|Born||November 21, 1929|
|Died||June 22, 1992
Roosevelt Hospital, Manhattan
|Cause of death||medical error |
|Residence||New York City|
|Occupation||radio programmer and consultant|
Sklar grew up in Brighton Beach, Brooklyn. He graduated from New York University and volunteered at WNYC radio as a writer. He then worked at WPAC in Patchogue, New York, and in 1954 moved to WINS where he was assistant program director. In 1960, Sklar became program director at crosstown competitor WMGM.
He moved to WABC in 1962 and became program director there in 1963. Under his management, WABC became the model for tight-playlist, teenager-targeted Top 40 programming, with a strong signal and famed disc jockeys such as "Cousin Brucie" Bruce Morrow, Dan Ingram, Harry Harrison, Chuck Leonard, and Ron Lundy. His relationship with some of the DJs he oversaw was contentious at times. Scott Muni departed from WABC after a number of confrontations with Sklar over playlists including Sklar's refusal to remove Louis Armstrong's version of the #1 smash hit "Hello, Dolly" from the playlist at Muni's request. Under Sklar, the station,'s ratings soared and was often the most listened to radio station in North America through the mid-60s into the late 70s.
In March 1977, Sklar was promoted to vice president of programming for ABC’s radio division. In 1984 he left ABC to start his own consulting firm, Sklar Communications. His autobiography, Rocking America: An Insider's Story: How the All-Hit Radio Stations Took Over America (ISBN 978-0312687977), was published by St. Martin's Press the same year.
In an interview recorded in 1982, when WABC switched from music to talk programming, Sklar said:
Everything has to end, that's life, WABC is … like anything else it's part of life, couldn't go on forever. But … it was a wonderful thing … it was a one-of-a-kind … I don't think there'll ever be another station quite like that. I mean, the scope of the thing was so huge, was so grand; everything that was done was on such a massive scale. We gave out buttons, we gave out 14 million with the WABC call letters and if we spot you we'll give you $25,000. You know, this stuff is … it's just not done today.… We'll miss it.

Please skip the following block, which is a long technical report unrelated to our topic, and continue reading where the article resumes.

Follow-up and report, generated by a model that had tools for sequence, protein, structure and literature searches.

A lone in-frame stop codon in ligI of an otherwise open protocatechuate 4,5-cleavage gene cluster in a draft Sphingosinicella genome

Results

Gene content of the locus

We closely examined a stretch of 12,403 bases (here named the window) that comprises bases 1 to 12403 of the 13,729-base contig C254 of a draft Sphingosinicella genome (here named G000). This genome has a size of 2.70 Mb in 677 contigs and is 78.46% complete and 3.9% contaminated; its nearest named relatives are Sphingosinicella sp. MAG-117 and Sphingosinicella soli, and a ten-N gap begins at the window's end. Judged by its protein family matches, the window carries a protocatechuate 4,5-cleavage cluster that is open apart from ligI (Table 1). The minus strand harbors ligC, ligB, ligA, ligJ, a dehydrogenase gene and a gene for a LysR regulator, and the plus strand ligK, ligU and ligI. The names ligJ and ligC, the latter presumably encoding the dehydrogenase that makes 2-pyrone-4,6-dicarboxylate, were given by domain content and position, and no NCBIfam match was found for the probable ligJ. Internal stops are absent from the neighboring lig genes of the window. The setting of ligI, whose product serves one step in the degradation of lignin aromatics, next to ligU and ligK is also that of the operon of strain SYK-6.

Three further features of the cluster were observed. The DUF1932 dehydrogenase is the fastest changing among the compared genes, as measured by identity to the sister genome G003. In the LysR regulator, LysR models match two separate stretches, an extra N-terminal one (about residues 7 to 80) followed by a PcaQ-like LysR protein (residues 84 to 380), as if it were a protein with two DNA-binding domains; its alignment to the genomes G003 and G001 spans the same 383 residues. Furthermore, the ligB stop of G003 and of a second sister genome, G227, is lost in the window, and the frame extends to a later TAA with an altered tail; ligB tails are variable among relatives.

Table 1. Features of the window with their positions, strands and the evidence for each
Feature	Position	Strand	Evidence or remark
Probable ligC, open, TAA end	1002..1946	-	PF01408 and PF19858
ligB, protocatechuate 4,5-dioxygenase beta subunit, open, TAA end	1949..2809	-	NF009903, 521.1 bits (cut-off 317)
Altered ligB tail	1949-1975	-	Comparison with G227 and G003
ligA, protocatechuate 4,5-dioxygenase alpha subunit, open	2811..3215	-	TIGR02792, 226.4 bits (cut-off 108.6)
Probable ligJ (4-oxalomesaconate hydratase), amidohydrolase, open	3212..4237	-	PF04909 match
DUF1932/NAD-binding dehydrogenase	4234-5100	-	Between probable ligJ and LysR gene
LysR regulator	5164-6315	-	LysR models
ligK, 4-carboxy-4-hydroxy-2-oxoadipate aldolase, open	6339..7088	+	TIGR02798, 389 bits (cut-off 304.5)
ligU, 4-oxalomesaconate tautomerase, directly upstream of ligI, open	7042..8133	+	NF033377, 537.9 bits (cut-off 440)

Radio will go on and on forever. Radio's the most adaptable medium there is, and … the old WABC's place in radio will be remembered by everyone who ever heard it, who ever grew up with it, it'll be part of millions and millions—tens of millions of people's lives, and certainly the lives of everyone in the radio business. Now we just have to go on to new things, and I think we will.
Personal life and death
Rick was married to the former Sydelle Helfgott, who also served as vice president for his company, Sklar Communications. They had two children: a son Scott and a daughter Holly.
Prior to his death, Sklar had been an avid runner for more than ten years, taking it up in the late 1970s. He ran his first New York City Marathon in 1982, finishing 4 hours, 21 minutes, and 36 seconds; coming in 642nd out of 857 who finished the race in his age group. He began to have problems with his left foot, which necessitated him quitting the sport by 1990.
In June 1992, he entered Roosevelt Hospital in Manhattan for a minor operation that would allow him to run again. Although in good health, he died on the operating table due to a lack of oxygen and other mistakes made by the hospital staff.
- "Hospital Fined in Radio Executive's Death". New York Times. 1993-10-08. Retrieved 2008-01-19.
- "Rick Sklar". Museum of Broadcast Communications. Retrieved 2008-01-19.
- From "WABC: Julian Breen, Rick Sklar", on Jonathan Wolfert, The First 20 Years (Dallas: JAM Productions, 1994) (promotional compact disc).
- Wolfgang Saxon (1992-06-24). "Rick Sklar, 62, A Dominant Force Behind Rock Radio". New York Times. Retrieved 2008-01-19.
Rick Sklar, whose programming made WABC in New York the most popular radio station in North America, died at Roosevelt Hospital in Manhattan on Monday. He was 62 years old and lived in Manhattan. Mr. Sklar died from complications after minor surgery but the exact cause of death is not known, a spokesman from his company said. ...
- Wolfe, Linda (December 7, 1992). "A Fatal Error". New York. 25 (48): 57.